Since this eco-friendly alternatives to glitter article was written in 2017, new research has come to light. It has been found that eco-glitter is as damaging to the environment as standard glitter. Therefore it is something I no longer recommend. Please see here for more information.
Today let’s talk about eco-friendly alternatives to glitter.
I don’t know about you, but I had been trying to keep my head in the sand about the environmental impact of glitter, of all things. Much like tea bags, I didn’t want to believe that something so fun and seemingly innocuous as glitter could be harbouring a dark secret.
Why A Ban On Glitter?
However, it is indeed true: scientists are calling for a ban on glitter. Why? Most glitter is microplastic – fragments of plastic less than 5mm in length. This microplastic can easily be swallowed by marine life, proving fatal to them, and could potentially enter the food chain.
More worryingly, the same article goes on to say that “most glitter is made of aluminium and a plastic called PET… PET can break down to release chemicals that disrupt hormones in the bodies of animals and humans“. This is not good. Therefore a ban on glitter, much like the ban on microbeads for the same reasons, would be very welcome.
However, this ban would mean a world without glitter. Some nurseries are substituting glitter for lentils or rice for use in craft projects as an eco-friendly alternative. However, it’s not quite the same, is it? Meanwhile sticking lentils to your face at festivals may not produce the desired effect, and may cause people to give you a wide berth!
If you can’t live in a world without glitter, but don’t want to damage the environment then fear not. The future is not lentil based because I have found six eco-friendly glitter alternatives for all your glitter-based cosmetic and crafting needs:
Eco-Friendly Alternatives to Glitter
Bristol-based EcoStarDust, whose clever slogan is “glitter without the litter”, sells biodegradable glitter in all the colours. And when I say all the colours, I mean ALL the colours, in varying sizes from chunky through to fine. Its eco-friendly glitter alternative is made from plant cellulose and is reasonably priced at £3.50 a pot. Delivery is free when you spend over £10 and 10% of profits are donated to environmental projects.
Eco Glitter Fun
Eco Glitter Fun sells biodegradable, cruelty-free, and vegan glitter from £3.50 a pot, again in all the colours and sizes you could possibly need. Its glitter is made from a certified compostable film that Eco Glitter Fun say will biodegrade in soil, compost, or a wastewater/ocean environment.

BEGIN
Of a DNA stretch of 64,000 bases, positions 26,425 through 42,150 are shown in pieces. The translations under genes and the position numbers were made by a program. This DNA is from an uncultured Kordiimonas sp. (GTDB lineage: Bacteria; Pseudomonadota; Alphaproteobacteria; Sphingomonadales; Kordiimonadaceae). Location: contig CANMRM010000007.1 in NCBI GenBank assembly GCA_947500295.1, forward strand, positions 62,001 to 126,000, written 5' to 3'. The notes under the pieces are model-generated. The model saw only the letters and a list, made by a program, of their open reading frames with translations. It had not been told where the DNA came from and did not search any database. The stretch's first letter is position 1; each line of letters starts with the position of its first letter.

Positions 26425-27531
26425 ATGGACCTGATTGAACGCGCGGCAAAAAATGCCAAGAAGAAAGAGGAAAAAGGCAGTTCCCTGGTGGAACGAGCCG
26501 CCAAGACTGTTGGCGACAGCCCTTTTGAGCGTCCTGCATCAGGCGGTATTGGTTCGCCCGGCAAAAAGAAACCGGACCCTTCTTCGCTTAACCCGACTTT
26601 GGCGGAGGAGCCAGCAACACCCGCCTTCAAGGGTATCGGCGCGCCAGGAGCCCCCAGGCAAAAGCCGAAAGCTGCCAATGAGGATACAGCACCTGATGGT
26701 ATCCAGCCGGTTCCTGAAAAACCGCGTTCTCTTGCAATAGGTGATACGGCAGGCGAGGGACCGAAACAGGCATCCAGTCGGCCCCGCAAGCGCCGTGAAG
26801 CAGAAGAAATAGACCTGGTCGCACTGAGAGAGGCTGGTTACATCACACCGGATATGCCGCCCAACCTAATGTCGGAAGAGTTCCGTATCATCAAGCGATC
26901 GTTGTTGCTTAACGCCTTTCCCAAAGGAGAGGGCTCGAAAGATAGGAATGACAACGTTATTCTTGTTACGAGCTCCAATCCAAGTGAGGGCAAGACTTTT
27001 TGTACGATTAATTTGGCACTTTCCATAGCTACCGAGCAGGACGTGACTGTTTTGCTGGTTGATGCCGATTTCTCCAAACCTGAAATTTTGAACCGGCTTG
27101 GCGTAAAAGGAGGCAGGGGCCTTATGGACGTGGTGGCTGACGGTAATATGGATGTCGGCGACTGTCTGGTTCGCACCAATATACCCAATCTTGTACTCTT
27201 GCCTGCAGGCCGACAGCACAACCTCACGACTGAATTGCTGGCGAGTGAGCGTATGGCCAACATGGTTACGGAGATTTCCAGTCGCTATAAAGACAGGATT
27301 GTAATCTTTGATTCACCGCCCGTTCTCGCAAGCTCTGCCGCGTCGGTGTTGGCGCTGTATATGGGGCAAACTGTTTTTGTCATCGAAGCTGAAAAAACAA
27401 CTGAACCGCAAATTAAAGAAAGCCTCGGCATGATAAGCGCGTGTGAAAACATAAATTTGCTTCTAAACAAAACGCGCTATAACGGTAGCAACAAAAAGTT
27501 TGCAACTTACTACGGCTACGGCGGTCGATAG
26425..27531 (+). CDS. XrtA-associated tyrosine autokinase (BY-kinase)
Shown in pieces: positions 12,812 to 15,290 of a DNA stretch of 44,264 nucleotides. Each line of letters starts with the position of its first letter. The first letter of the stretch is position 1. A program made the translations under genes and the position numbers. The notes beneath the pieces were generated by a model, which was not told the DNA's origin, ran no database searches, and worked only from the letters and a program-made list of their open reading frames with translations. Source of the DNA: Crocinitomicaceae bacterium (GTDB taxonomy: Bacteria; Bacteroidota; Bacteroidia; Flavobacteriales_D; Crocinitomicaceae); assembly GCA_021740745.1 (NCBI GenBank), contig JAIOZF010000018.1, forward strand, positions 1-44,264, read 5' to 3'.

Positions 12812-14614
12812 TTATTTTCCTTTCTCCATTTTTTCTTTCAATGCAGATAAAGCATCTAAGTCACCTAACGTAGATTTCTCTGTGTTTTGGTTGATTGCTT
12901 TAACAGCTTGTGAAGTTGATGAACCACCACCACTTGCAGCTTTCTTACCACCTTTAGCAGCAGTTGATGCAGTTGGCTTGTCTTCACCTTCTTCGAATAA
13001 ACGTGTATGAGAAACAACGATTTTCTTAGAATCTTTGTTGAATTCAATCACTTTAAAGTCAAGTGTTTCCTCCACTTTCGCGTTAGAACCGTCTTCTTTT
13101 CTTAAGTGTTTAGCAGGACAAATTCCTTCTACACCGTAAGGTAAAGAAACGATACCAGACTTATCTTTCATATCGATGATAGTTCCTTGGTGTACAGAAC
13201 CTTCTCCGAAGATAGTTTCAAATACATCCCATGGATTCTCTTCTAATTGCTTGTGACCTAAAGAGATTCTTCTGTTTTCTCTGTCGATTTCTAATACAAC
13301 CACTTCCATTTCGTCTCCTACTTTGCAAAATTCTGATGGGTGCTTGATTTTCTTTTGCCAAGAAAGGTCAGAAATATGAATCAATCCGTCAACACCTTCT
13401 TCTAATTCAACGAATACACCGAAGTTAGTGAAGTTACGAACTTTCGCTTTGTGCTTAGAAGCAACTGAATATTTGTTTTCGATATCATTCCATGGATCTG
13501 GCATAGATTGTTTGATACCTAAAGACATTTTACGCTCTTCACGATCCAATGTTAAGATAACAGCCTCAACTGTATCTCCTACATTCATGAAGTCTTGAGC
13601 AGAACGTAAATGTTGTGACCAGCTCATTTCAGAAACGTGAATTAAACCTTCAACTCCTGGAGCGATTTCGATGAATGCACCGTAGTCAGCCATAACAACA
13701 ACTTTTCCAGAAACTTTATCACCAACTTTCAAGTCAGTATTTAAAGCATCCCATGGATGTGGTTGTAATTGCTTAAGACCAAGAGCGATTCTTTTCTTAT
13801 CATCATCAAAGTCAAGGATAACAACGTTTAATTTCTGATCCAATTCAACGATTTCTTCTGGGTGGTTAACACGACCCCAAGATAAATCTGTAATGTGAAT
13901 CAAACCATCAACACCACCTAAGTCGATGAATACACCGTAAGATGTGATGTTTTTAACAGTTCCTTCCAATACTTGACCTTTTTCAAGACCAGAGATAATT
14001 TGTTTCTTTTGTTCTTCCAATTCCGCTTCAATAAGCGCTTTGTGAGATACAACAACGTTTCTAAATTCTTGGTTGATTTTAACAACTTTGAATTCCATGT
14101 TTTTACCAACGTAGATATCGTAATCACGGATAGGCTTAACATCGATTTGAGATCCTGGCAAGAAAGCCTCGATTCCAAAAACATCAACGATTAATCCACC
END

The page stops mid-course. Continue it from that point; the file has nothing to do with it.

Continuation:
The UK-based Fulfilled Wishes sell biodegradable glitter via their Etsy shop. Prices are £4 for 5-gram jars, and it specialises in more chunky eco glitter.
The Mermaid Cave
The Mermaid Cave sells a beautiful range of eco-friendly glitter alternatives, with all its glitter named after endangered ocean species.
This is the place to go if you are looking for zero-waste and plastic-free biodegradable glitter as all glitter is sold in glass vials with cork stoppers. All the glitter in its range is vegan-friendly and made from plant-based materials. The Mermaid Cave also says its glitter will biodegrade in soil, compost, wastewater, and ocean water. It’s priced at £5.99 for 8 ml of glitter or £9.99 for 20 ml of glitter.
The Soap Kitchen
The Soap Kitchen specialises in microfine eco-friendly glitter alternatives, in a more limited colour palette. Prices start at £1.50 for 5 g, but you can purchase in bulk bags, in bags of up to 500 g (a whole lot of glitter!) if you need larger quantities. You can also get 5% off your first order when you sign up for The Soap Kitchen newsletter.
Finally, Wild Glitter sells EU-certified biodegradable glitter made from natural compostable plant-based materials. A variety of colours and textures are available, from fine to chunky. Prices are reasonable too – they start from £2.75 for 3 ml and they can be purchased in recyclable pots or refill bags.
If you find any more eco-friendly glitter alternatives then do let me know in the comments below! Alternatively, if you find an altogether different alternative to glitter then I would love to hear!